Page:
Why did the Treasury chief need to visit Fort Knox?

Treasury Secretary Steve Mnuchin paid a visit to Fort Knox on Monday to inspect our gold holdings at the US Mint’s gold bullion vault.

“I assume the gold is still there,” Mnuchin said in Louisville, Kentucky before traveling to the installation to view the $200 billion in holdings. 

Mnuchin is the first Treasury chief to visit the gold vault in over 70 years. My question is why?

Surely he could have an accounting of the holdings on his desk in minutes, without schlepping to Kentucky. Of course in some circles it has been intimated that there was only an IOU in the vault as the gold reserves were pledged to our debt obligations.

However, after the inspection Mnuchin “playfully” reassured Americans the treasure was still secure.

“Glad gold is safe!” he wrote in a post on Twitter.

It just seems that Mnuchin would have more on his mind these days than taking a tour of Fort Knox. The debt ceiling and tax cuts would be two areas that would keep him in Washington. 

And the fact he made light of the visit, by joking it would make a good movie if the gold was not there, all tell me there was a seriousness to this trip that belies the flippant nature of the remarks.

I will not even get into the brouhaha Mnuchin’s wife got into on social media over the trip.

Thar may be gold in the foothills of the Smokey Mountains, but I want to know who wanted the Treasury Secretary to go on the record and confirm it?

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Stock answer is we don’t know about next 6 months

How can the equity markets trade looking six months out — as is the traditional metric — when it doesn’t know what the next six minutes will bring?

The Dow Jones traded down 274 Thursday on, pick your poison:

  1. Terrorist attack in Barcelona,
  2. White House finance chief Gary Cohen’s departure.
  3. Algos in control since its August
  4. All of the above

It has to be near impossible to be able to formulate an earnings picture looking out the next quarter, when a 140-character tweet can throw all the analysis into the trash bin.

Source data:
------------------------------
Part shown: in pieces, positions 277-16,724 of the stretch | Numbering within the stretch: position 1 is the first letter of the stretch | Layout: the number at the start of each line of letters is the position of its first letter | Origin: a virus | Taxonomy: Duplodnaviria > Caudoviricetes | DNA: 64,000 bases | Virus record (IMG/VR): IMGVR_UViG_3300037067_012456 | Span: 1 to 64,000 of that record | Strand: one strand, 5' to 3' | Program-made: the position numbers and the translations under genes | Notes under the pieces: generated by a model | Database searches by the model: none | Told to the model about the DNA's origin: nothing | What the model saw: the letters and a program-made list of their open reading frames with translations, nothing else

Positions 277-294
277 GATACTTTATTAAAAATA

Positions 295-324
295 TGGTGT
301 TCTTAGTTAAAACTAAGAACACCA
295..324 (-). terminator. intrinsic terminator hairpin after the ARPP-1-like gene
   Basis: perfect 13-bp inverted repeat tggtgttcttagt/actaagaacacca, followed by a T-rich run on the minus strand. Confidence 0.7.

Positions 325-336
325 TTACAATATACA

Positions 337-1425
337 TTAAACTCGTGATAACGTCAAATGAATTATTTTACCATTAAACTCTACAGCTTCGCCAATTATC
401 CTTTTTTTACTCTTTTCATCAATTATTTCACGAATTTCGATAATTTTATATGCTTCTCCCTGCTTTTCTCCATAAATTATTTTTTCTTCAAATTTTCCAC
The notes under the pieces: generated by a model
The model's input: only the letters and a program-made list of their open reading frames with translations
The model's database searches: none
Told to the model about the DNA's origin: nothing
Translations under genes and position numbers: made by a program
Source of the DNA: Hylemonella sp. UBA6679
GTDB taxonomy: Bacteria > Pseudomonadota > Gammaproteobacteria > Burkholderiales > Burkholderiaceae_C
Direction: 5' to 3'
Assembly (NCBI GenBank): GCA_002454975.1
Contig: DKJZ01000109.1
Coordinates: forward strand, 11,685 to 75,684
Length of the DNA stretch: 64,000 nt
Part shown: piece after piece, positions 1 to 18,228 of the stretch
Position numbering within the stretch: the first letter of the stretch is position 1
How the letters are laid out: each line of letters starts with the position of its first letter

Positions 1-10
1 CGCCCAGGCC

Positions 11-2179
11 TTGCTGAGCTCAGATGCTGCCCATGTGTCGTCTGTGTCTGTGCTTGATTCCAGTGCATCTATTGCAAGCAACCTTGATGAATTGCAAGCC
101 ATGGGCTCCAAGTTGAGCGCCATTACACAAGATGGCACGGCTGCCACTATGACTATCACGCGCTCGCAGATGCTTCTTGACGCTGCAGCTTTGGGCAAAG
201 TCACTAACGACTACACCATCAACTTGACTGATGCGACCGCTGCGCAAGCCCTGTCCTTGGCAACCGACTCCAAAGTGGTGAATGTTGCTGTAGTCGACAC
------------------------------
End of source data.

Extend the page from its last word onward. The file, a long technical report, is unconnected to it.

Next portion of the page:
Here’s a analyst’s note on Friday morning, explaining very succinctly what he is up against when figuring direction of the market:

“In a week where we started by worrying about nuclear war, markets have quickly moved on from this, with yesterday’s weak session more of a response to fears that Mr Trump’s strategy for the economy and business is falling apart and later the terrible terrorist attack in Barcelona,”
Deutsche Bank analyst Jim Reid.

So off of that note we have  stocks marginally down for the week. I say that’s not a bad performance even without mentioning the civil unrest in Virginia last weekend.

JPMorgan’s Dimon may have a whale of a problem, again

JPMorgan’s CEO Jamie Dimon is out on his annual bus tour to meet with employees and business and political leaders that have relationships with the bank. The poster boy for banking since 2008 crises is talking about making America great again.

Dimon says he is a patriot first and a banker second. His point is if we do right by America, then his bank and the stock price will do just fine, thank you. Yet there seems to be a dark cloud following Dimon and it looks like a whale.

While Dimon moves across the country, a ghost of banking’s past is rearing its head again. The London Whale trade, which hit JPMorgan in 2012 and cost the bank more than $6B ultimately in trading losses. Congress used it as prima facie evidence for the Volcker Rule’s banning of banks with deposits running their own trading operations called proprietary trading desks.

Bruno Iskil, the JPMorgan European trader who was working with authorities on the case has come out publicly to state he was doing Dimon’s work. While the feds have their charges against two other European traders for lack of evidence of wrongdoing and allege difficulty in expediting them.